Colon Cancer (Colorectal Cancer, Rectal Cancer)
Our Approach to Colon Cancer
At MD Anderson, your treatment for colon cancer is personalized to provide the best outcomes, while focusing on your quality of life. An entire team of some of the nation’s leading physicians, supported by specially trained professionals, focuses its attention on giving you the most advanced care with the least impact on your body.
The Colorectal Center offers leading-edge treatments for colon cancer, many of which are found at only a few cancer centers in the country. In fact, we are known around the world for groundbreaking developments in colon cancer treatment.
Our highly specialized surgeons focus only on the treatment of colorectal cancer, which translates into a remarkable depth of experience and skill. Minimally invasive laparoscopic and robotic surgeries often can be used, decreasing pain, helping you recover faster and shortening your hospital stay.
Because of this expertise, colostomies rarely are needed for colon cancer. However, if a colostomy is necessary, our team of specially trained nurses helps you make that transition. Nutritionists with expertise in colon cancer care work with you every step of the way.
Specialized Colon Cancer Treatments
If chemotherapy is needed to treat colon cancer, MD Anderson offers the newest options. Our internationally renowned team of physicians directs your therapy for the most benefit, while minimizing the impact on your body.
Sometimes radiation therapy is recommended as a part of treatment for colon cancer. Our colorectal radiation oncologists specialize in treating patients with colon cancer. They use the most advanced equipment and techniques, including proton therapy, to achieve maximum treatment benefit with the fewest side effects.
MD Anderson has special expertise in advanced colon cancer that has metastasized (spread) to other parts of the body. We offer novel chemotherapy and targeted therapy options, as well as a dedicated surgery program.
Our advanced knowledge in cancer genetics can help diagnose and treat inherited family syndromes that may increase risk of colon cancer. This expertise also helps us work with you to plan the most effective treatment for your specific condition.
As one of the world’s largest cancer research centers, MD Anderson is a leading center for the investigation into new methods of colon cancer diagnosis and treatment. Each patient benefits from the most advanced research.
And at MD Anderson you’re surrounded by the strength of one of the nation’s largest and most experienced comprehensive cancer centers, which has all the support and wellness services needed to treat the whole person – not just the disease.
If you have been diagnosed with colon cancer, we’re here to help. Call 1-877-632-6789 to make an appointment or request an appointment online.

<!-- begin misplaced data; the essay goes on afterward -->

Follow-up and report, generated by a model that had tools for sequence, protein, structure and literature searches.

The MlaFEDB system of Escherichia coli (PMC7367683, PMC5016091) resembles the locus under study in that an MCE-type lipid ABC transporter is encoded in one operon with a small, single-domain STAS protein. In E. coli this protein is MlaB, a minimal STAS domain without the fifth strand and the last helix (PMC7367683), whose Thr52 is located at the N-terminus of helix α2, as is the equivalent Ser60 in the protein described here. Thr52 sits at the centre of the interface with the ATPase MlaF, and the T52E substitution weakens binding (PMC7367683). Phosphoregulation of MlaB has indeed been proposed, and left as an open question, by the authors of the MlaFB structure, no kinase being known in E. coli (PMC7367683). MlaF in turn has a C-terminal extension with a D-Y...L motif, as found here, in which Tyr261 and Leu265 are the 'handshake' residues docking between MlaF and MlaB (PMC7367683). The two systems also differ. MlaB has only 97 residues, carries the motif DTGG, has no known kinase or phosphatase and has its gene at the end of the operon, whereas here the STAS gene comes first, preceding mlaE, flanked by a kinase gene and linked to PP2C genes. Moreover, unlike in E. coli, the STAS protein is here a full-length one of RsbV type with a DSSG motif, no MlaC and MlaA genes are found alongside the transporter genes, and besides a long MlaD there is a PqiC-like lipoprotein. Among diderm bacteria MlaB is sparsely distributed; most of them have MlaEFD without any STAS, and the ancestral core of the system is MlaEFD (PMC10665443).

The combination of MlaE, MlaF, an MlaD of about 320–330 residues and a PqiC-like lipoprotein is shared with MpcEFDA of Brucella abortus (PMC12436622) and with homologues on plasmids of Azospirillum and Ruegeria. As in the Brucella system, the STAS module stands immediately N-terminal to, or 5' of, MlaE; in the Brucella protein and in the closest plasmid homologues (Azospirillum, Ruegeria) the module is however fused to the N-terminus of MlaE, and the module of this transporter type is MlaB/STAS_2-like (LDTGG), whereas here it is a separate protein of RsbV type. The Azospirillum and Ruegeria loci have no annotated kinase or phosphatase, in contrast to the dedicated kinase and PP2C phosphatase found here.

Why Choose MD Anderson?
- Advanced colon cancer treatments, including minimally invasive surgery, novel chemotherapies and targeted therapies
- Proton therapy and intensity-modulated radiation therapy (IMRT)
- Leading-edge diagnostic and therapeutic endoscopy including endoscopic ultrasound, endoscopic mucosal resection (EMR) and endoluminal stent placement
- Noninvasive virtual colonoscopy, which we helped pioneer
- Clinical trials for all stages and types of colon cancer
Colon Cancer Knowledge Center
Colon Cancer Survivor James Wiley
"Twenty-eight years ago I came here with no hope, with stage IV colon cancer. You are in the best place you can be."
Colon Cancer Facts
Colon cancer and rectal cancer sometimes are grouped together and called colorectal cancer. Not counting skin cancers, colorectal cancers are the third most common type of cancer in the United States. More than 106,000 people in this country are diagnosed with colon cancer each year, according to the American Cancer Society.
One in 19 people, or a little more than 5%, of Americans will develop colon or rectal cancer in their lifetimes. When colon cancer is diagnosed early, it has nearly a 90% chance for cure.
Survival rate is on the rise
The colon is part of the digestive system, also called the gastrointestinal (GI) tract.
- The colon is the first six feet of the large intestine, also called the large bowel
- The rectum is the last six inches of the large intestine, which ends in the anus
Colorectal cancers grow slowly. They usually start as polyps, which are overgrowths of tissue in the lining of the colon. Colon cancer may start within a polyp, but not all polyps contain cancer.
The survival rate for colon cancers has been increasing for the past 15 years. Because of screening, polyps often are found and removed before they become cancer. Also, treatments have become more advanced and less invasive.
Colon Cancer Types
More than 95% of colorectal cancers are adenocarcinomas. Approximately 90% of colorectal adenocarcinomas began as adenomas, which are a type of polyp that may become cancer.
About 20% of colon cancers are inherited or are associated with a strong history of colon cancer in the family. The main types of colon cancer that are inherited include:
Hereditary nonpolyposis colorectal cancer syndrome or HNPCC (also called Lynch syndrome), accounts for 5% to 7% of colon cancers
Familial adenomatous polyposis (FAP) causes hundreds to thousands of polyps in the GI tract. FAP may begin during childhood.